In 1996, I had the opportunity to travel to India. The most indelible memory of that trip was a visit to the Temple of Kali, one of the chief gods in Hinduism. As I exited the temple and walked into the adjoining courtyard, suddenly a couple came in with the intent of cursing one of their enemies by sacrificing a temple goat. As I stood there, not even six feet away, a priest took a large knife, slit the goat’s throat, and cried out to Kali to curse their enemies. In reality, what I was witnessing was not a sacrifice to a false god, but to demons (1 Cor. 10:14–22).
As I watched that spectacle unfold, my mind went back to the sacrificial system in the Old Testament. Specifically, when animal sacrifices were a crucial part of the worship of the true God. Those sacrifices were carefully prescribed by God, not to invite curses on others, but in hopes of receiving God’s blessings.
The truth of the matter is God demands sacrifice from every human being. In fact, the purpose of the first sixteen chapters of Leviticus is to instruct the nation of Israel that sinful man can only approach God through sacrifice. In Leviticus 1–7, God prescribes five different kinds of sacrifices that were to be performed as an act of worship by every child of Israel. According to Numbers 28 and 29, God required four of the five sacrifices to be offered every year as national sacrifices.
Theologically speaking, there are a number of doctrinal realities that undergirded the entire Old Testament sacrificial system. First, God’s holiness and justice are the foundation for the entire system.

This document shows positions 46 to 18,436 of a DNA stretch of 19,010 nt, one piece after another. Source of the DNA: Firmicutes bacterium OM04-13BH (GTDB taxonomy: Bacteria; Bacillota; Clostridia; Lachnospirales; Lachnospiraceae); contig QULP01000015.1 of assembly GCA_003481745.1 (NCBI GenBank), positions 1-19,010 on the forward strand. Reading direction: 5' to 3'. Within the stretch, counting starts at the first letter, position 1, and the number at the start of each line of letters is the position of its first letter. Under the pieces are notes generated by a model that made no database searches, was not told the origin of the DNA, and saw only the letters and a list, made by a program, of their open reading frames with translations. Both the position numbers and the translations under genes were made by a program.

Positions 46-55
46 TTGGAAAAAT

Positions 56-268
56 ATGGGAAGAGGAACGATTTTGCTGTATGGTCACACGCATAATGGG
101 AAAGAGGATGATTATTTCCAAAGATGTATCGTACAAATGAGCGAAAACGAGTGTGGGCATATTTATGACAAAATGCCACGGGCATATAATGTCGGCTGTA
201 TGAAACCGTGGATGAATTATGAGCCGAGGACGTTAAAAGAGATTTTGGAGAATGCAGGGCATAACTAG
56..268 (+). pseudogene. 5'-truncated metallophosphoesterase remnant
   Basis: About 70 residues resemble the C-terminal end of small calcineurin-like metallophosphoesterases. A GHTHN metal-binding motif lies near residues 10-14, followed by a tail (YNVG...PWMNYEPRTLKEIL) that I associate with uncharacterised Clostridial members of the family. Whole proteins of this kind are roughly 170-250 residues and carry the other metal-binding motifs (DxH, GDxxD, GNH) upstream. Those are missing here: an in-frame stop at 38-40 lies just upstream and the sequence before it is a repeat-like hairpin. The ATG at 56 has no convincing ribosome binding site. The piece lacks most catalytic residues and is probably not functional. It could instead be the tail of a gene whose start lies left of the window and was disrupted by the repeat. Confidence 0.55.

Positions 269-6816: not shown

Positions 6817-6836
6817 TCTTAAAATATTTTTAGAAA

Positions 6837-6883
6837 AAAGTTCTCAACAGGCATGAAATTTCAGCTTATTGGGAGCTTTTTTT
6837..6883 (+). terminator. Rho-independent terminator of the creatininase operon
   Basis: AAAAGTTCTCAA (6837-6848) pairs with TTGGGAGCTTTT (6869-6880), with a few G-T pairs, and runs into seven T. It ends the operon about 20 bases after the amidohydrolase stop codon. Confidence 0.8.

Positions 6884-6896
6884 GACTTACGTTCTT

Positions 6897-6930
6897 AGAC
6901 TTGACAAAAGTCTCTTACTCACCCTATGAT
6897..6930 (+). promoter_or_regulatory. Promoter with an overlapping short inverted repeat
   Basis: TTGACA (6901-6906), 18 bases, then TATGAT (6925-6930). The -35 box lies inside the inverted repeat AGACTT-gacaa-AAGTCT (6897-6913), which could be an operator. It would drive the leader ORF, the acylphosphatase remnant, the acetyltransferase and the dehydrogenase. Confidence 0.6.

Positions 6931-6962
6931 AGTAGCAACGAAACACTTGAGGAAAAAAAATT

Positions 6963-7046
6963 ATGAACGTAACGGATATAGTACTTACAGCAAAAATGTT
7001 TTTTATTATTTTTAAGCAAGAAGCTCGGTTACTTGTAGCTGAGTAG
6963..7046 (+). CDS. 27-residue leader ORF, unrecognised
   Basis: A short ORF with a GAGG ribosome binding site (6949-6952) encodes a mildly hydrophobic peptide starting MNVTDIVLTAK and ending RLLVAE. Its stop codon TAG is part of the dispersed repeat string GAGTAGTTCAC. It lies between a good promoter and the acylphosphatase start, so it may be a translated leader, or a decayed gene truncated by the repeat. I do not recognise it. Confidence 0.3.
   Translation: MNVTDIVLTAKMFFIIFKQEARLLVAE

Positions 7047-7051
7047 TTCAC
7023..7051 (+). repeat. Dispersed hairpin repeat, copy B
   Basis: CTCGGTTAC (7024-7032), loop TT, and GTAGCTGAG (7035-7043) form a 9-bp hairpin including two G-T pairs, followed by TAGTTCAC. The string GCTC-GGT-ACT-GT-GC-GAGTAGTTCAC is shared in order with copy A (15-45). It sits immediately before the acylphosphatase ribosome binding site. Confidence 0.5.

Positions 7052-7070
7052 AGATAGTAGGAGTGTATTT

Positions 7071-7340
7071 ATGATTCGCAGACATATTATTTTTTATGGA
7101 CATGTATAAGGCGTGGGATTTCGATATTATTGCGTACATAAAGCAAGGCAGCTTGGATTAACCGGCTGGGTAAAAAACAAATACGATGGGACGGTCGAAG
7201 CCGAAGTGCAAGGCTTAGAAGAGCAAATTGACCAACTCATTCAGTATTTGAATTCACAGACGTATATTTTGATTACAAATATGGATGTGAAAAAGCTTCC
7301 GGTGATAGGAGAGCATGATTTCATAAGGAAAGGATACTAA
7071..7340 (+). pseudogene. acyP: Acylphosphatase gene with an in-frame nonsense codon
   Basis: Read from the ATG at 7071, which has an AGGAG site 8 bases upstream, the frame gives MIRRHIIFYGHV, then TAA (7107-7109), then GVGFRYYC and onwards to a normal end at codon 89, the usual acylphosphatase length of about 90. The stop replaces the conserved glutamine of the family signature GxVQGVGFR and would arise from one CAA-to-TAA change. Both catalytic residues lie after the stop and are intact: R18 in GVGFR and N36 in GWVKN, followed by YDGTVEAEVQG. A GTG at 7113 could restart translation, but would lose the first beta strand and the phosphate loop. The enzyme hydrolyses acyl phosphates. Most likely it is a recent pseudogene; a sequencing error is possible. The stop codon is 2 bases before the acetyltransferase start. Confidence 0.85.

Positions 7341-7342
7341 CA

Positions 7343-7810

A second doctrinal reality that undergirds the framework of the sacrificial system is the sinfulness of man. All of us—without exception—have sinned against God, and the Scriptures teach that we have violated His Law and have spurned His goodness. Solomon writes, “Surely there is no righteous man on earth who does good and never sins” (Eccl. 7:20). The apostle Paul adds, “For all have sinned and fall short of the glory of God” (Rom. 3:23).
Because of man’s sinfulness, the only way he can approach a holy God is based on the terms that God establishes, and those terms demand sacrifice. Not only was this true during the period of the Old Testament, it is still true today. The only way any one of us can approach a holy and just God is through sacrifice. The key difference being, as Hebrew 10 demonstrates, no longer through the sacrifice of an animal but through the sacrifice of Jesus Christ.
Throughout this series we will walk through Hebrews 10:1–18 together, for the purpose of discovering the relationship between Sin & Sacrifice.